Jab’s Reviews: A Goofy Movie (Character Retrospective)

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Since my review of “A Goofy Movie” was getting a little long last week, I decided to split it up into two. Today’s article just deals with the characters in the movie. Again, you haven’t read my thoughts on the actual movie, I urge you to check out that previous entry!

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GOOFY

Goofy (the last name is implied to be Goofey on the intergenerational map, but most people just call Max “The Goof Boy” and the like, and other canon says it’s “Goof”) is one of Walt Disney’s longest-standing characters, that of the incompetent dumbass. He was a general clown in the old Disney shorts, but the 1950s saw different sides to him- that of a Family Man or a “How To” Guidesman, generally always getting hit in the ass on the way. It was in this tradition that Goof Troop was formed, making him the clownish dad to “Goofy Jr.”, now known as Max. And it’s funny how Goofy maintains a bit of dignity considering how common it is to see one of the original “Dopey Dad” archetypes (before that became the default father character in every piece of media, ever)- you can see that he genuinely loves his kid, and wants what’s best for him- he’s just a little “off”.

About the Performer: Bill Farmer has been playing Goofy since 1987, and otherwise works as a comedian. He, Tony Anselmo (Donald Duck), Wayne Allwine (Mickey) and Russi Taylor (Minnie) all started at around the same time, as I guess the old actors were getting old. Farmer is a fairly “old-school” Voice Actor, doing numerous characters that don’t sound alike, such as performing Yosemite Sam, Sylvester, and Foghorn Leghorn in “Space Jam”.

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MAX GOOF

Max was kind of a generic character in Goof Troop, doing a bit of the scheming and lying, but generally fitting a “normal kid” character archetype. In “A Goofy Movie”, he’s morphed into your typical bitter, cynical teen who thinks his dad is an idiot (okay, he’s pretty much right, there), obsesses over a girl, and gets picked on by the kids at school (he has his lunch taken, he’s threatened by another, and generally everyone disrespects him and laughs at him). So there’s a lot that any teenager could identify with here- he’s actually one of the few cartoon teens I’ve ever seen who so masters the “unbearable burden on any social occasion”-ness of teens- most are rebellious in a whiny way (Ariel), or more generally curious/naiive/weird. Max is a straight-up JERK sometimes, and closes off from his dad repeatedly.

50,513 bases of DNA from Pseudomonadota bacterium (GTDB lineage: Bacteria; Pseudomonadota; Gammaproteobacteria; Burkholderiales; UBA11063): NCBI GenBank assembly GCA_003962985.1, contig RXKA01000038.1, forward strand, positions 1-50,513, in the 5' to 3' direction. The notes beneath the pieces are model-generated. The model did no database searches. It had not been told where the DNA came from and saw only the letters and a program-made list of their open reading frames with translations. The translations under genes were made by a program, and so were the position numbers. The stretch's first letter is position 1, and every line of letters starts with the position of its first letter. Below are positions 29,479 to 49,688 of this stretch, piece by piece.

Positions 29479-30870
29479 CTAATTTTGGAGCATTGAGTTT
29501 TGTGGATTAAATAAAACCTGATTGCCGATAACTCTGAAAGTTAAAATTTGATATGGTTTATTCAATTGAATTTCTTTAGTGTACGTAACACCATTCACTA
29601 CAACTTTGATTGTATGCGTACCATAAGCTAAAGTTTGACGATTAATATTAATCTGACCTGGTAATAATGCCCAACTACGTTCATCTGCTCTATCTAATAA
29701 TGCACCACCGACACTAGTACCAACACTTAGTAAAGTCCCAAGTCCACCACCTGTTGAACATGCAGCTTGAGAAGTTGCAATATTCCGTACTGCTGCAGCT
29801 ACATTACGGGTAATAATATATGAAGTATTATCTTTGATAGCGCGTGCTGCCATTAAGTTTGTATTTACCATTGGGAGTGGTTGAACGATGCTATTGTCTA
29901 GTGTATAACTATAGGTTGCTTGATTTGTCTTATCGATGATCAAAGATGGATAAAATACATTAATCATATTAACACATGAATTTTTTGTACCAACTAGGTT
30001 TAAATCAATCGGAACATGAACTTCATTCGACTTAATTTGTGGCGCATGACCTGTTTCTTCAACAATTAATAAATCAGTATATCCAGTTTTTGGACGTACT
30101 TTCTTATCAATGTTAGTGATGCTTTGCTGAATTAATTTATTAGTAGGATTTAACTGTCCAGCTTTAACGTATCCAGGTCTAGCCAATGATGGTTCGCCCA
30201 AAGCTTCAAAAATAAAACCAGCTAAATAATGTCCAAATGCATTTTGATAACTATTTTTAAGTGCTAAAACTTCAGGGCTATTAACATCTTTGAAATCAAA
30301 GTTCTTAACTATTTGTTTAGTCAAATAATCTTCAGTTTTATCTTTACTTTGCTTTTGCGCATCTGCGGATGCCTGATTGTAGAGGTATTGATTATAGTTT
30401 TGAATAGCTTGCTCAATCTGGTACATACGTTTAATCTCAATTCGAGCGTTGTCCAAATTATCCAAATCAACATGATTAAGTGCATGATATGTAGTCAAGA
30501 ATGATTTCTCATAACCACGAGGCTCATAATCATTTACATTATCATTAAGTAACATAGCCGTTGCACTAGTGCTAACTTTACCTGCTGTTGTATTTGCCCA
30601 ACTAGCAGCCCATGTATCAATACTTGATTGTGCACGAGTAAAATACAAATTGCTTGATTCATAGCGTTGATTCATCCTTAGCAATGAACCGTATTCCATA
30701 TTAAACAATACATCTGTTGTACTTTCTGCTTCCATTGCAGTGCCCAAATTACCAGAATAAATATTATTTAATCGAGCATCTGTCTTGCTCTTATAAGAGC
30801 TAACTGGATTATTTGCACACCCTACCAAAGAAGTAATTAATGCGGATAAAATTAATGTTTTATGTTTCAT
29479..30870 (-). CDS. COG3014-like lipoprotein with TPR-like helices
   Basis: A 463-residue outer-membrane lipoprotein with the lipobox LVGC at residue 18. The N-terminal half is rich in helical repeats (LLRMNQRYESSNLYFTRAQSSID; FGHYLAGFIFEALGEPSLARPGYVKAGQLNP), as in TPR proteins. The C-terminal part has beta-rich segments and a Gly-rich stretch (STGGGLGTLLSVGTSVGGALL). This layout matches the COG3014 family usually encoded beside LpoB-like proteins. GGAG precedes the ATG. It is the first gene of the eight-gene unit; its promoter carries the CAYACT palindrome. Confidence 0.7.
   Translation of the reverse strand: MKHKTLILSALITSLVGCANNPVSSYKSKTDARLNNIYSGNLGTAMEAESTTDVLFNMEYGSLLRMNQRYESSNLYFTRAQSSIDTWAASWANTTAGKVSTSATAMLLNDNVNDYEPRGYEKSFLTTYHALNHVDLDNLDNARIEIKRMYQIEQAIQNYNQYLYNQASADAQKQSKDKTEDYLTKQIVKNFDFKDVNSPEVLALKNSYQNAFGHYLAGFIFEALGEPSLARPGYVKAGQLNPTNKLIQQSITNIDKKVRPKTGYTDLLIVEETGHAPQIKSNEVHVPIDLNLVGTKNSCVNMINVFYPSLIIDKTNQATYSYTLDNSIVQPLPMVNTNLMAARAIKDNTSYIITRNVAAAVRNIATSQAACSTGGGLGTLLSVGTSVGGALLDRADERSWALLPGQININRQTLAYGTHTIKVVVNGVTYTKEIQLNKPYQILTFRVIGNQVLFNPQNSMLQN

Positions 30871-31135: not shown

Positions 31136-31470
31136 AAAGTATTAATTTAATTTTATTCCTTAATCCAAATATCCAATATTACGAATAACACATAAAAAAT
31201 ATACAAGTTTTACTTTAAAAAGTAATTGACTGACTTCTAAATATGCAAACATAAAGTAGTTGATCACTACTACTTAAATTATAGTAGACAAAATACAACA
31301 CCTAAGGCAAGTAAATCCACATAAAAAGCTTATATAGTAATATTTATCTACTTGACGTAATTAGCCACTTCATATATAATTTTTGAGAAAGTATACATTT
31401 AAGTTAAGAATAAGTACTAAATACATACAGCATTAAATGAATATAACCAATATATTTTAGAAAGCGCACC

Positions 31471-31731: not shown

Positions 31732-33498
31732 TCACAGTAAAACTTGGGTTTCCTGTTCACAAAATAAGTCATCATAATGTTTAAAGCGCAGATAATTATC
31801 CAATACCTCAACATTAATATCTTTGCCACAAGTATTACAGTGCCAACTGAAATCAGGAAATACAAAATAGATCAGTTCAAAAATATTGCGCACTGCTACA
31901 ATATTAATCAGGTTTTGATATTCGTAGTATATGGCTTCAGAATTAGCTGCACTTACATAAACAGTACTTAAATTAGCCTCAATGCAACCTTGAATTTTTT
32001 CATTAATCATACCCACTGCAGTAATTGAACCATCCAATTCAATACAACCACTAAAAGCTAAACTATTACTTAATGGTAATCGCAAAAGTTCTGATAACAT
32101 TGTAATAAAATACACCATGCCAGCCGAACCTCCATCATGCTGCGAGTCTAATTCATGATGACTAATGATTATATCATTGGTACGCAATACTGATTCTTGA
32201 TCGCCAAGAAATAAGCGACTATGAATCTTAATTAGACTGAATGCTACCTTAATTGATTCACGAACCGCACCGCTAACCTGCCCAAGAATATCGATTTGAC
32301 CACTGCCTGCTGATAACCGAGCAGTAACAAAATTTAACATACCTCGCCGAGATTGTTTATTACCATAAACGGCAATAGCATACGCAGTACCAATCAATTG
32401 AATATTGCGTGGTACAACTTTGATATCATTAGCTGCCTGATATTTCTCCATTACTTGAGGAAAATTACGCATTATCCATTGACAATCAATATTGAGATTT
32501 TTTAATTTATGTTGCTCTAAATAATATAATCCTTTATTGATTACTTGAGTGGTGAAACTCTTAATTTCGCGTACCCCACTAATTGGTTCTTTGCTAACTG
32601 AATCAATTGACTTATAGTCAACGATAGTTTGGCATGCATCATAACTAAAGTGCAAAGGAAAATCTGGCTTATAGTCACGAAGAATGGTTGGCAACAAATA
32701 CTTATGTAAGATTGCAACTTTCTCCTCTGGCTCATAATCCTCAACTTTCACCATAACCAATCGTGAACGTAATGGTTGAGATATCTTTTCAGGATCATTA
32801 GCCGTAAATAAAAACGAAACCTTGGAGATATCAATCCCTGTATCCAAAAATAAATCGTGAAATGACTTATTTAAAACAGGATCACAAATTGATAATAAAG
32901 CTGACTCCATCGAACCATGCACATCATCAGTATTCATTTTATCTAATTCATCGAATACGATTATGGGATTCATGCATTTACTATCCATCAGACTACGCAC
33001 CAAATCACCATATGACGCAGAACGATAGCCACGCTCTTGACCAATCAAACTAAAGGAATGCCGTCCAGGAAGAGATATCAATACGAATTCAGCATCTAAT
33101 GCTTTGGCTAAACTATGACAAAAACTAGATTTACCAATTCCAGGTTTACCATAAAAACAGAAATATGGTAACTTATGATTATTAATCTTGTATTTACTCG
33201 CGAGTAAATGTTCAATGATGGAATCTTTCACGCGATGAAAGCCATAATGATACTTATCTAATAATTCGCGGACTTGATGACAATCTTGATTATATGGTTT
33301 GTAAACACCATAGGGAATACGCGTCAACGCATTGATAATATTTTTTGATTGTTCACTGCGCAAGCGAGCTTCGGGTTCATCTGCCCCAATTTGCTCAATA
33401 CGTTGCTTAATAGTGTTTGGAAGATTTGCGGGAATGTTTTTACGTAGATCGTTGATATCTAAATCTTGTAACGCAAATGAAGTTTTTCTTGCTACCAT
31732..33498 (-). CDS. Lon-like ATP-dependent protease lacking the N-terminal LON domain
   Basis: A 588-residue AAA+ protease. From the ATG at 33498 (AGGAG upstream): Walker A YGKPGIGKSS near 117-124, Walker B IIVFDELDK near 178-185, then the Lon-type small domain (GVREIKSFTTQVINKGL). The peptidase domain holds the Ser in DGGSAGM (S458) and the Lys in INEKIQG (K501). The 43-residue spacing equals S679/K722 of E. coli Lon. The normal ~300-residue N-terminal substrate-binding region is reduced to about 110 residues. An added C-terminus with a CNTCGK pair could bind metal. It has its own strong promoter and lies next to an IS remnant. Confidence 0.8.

It’s funny to think about how much could have been avoided in this film had Max not been an idiot. First off, he could have explained to his dad what happened at school, or that he had a date with a girl (to avoid going on the fishing trip). THEN, he could have basically told Roxanne the truth about the fishing trip, rather than making up a big story to impress her. Though generally, being a teenager, both are semi-believable plot turns, since teens are dicks. Though really, his lie was WAY over the top, even for something he came up with off the top of his head.

About the Performer: Jason Marsden (unrelated to James) was a Child Actor who played a few minor roles, like “General Hospital” and Eddie Munster in a “Munsters” remake, then got a lot of Disney work. He spent the ’90s on Fox’s “Peter Pan and the Pirates” as the voice of Peter, JT’s friend Rich on “Step By Step” (a minor rule that soon led to him dating the Dana character, but I don’t know that off the top of my head because I never watched that show every week, shut up I didn’t). He was also Kovu in “The Lion King II: Simba’s Pride”, and does a lot of video game VA work, too. He’s actually really versatile and has had a hell of a career, looking at it, moving between TV and voice acting pretty frequently. And he appears to have never received a heroin habit, which puts him above MOST child stars!